Our Speakers

The following Speakers will hold the Workshops and share their thoughts on basic income at the event:

Steven Strehl:

Shaping the Basic Income Society

In this workshop we are going to use the concept of the Basic Income as a tool that allows us to question almost every aspect of our everyday life and future plans. We’ll propose a variety to choose from: labour and performance, human relations and family, urbanisation and consumerism, automisation and innovation, education and learning, … If you received a Basic Income how would you want to live? The presenters believe that a Basic Income society is not empowering and liberating per se. In consequence, we need to express our dreams, needs and demands towards a prospective Basic Income society.

David Rostam-Afschar:

Workshop: Theoretical and Empirical Foundations of Policy Evaluation – The Case of Basic Income
Current income support policies in many countries need to be reformed in order to reduce inefficiency and inequity. Reform proposals involve important decisions between universal or categorical policies, transfers or subsidies, unconditional or means-tested policies, full or partial coverage, contributions or taxes, taxes on labor income, wealth, consumption or savings. The debate on a basic income for Germany provides a wide range of reform proposals which need to be evaluated ex-ante and—if implemented—ex-post. The main theoretical framework for this kind of policy evaluations is the labor/leisure model. We will discuss how this model may be put into practice empirically and how to select the best reform.

Dr. Davud Rostam-Afschar
Universitaet Hohenheim
Department of Economics (520 D)
70599 Stuttgart, Germany

Prof. Dr. Ian Towers:

The Basic Income, Gender and Age

Even today, much of the work done by women is unpaid. Social norms still exist that mean it still tends to be women who bring up children, clean, cook or look after aged relatives. How will the basic income affect them? Will gender roles change?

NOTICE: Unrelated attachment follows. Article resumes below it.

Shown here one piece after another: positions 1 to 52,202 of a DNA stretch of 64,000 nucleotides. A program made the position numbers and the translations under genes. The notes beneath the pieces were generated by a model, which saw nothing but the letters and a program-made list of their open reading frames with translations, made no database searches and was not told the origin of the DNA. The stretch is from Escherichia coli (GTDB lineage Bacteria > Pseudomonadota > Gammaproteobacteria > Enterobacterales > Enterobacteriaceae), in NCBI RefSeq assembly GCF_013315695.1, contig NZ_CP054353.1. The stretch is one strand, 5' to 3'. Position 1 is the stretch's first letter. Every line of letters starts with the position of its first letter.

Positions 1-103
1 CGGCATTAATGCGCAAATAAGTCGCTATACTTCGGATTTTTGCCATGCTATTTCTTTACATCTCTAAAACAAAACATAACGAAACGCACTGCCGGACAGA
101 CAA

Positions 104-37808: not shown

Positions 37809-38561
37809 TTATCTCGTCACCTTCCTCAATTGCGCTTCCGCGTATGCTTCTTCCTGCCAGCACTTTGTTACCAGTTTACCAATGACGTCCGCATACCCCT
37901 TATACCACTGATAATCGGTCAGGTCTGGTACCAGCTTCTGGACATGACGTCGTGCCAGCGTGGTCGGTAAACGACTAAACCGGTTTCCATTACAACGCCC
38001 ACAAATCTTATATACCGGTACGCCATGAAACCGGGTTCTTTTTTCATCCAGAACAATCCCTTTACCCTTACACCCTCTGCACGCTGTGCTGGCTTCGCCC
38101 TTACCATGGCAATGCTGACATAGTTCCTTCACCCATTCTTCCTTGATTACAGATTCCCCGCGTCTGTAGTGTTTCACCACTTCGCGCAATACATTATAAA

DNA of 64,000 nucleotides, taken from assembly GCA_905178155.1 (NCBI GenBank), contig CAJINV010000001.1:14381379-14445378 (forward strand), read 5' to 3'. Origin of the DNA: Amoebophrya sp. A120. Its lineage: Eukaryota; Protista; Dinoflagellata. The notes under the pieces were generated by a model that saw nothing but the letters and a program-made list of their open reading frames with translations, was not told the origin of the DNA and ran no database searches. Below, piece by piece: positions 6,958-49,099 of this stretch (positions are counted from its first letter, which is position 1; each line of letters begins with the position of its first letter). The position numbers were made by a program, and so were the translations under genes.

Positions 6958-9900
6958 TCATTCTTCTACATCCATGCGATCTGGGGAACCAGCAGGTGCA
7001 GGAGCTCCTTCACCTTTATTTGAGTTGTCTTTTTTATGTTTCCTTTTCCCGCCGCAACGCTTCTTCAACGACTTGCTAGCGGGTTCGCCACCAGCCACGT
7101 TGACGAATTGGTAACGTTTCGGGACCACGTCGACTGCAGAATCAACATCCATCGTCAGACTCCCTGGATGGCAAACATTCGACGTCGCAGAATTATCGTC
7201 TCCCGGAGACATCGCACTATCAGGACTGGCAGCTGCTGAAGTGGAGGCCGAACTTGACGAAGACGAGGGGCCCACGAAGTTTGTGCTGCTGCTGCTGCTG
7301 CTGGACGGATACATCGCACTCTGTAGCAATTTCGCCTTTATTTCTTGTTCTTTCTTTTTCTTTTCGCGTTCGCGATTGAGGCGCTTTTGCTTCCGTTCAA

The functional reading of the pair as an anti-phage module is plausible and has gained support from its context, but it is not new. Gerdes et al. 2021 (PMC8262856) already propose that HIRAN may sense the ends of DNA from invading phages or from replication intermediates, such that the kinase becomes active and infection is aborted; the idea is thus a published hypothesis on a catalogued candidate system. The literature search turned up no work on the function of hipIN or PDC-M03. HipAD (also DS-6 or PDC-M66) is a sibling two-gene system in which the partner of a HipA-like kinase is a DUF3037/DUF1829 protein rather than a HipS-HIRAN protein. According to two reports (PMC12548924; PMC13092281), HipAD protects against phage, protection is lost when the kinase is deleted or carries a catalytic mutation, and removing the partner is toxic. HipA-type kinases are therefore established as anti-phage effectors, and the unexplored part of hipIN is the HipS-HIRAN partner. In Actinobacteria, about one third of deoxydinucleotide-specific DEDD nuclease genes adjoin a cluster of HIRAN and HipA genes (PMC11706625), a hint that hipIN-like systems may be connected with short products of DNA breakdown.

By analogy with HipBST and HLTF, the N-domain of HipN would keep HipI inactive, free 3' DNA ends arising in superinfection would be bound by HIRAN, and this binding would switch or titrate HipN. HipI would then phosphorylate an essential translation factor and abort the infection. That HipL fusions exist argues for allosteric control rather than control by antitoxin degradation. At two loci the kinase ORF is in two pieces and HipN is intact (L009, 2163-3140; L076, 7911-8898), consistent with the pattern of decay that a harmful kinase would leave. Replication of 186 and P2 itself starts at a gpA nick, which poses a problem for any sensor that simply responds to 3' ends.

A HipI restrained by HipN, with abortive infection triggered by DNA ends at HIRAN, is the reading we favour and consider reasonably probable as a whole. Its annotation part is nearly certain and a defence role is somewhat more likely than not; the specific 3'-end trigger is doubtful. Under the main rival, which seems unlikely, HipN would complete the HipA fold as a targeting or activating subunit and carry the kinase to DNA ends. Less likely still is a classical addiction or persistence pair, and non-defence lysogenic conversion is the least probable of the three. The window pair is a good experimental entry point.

The demographic change means that the number of old people is growing. At the same time, many of them are concerned about being able to live off their pensions. What are the implications of the basic income for this group?

Jesta Phoenix:

The Question is: Will there be anyone left doing their job when everyone receives a Basic Income? Let’s discuss this main question/fear of basic income opponents in its full complexity using Edward de Bono’s Method of the Six Thinking Hats and report on the outcome using sketchnotes created by discussion observers. Jesta Phoenix – Slow Business Coach (http://phoenix-business-coaching.de/) & winner of a basic income (Mein Grundeinkommen – https://www.mein-grundeinkommen.de/start)

Timo Daum:

Basic Income and Post-Capitalism :Is basic income a way for Capitalism to mitigate the ever growing gap between rich and poor? Or is it a first step on a peaceful path to some kind of post Capitalism? Or is it a way to consolidate existing power relations instead of opening up new social relations? Quick reference to several relevant positions regarding basic income and its effect on social structure will be made.

Tom Fehse:

Basic Income: Why and how?

Basic income has recently become a prominent issue in politics, but the concept first entered public discourse about a century ago. Since then, there have been various attempts to explain and justify the main idea. Notably, proponents of a basic income often disagree in their fundamental political and philosophical beliefs. Controversy concerns questions as to why there should be a basic income to begin with, and under which conditions it should be granted. In this workshop, we will discuss the pros and cons of competing justifications for basic income. We’ll also talk about some of the underlying ideas of a just society.

If you have any questions or suggestions, please let me know. Perhaps my abstract is too long or too short? I promise to be (much) more responsive in the future!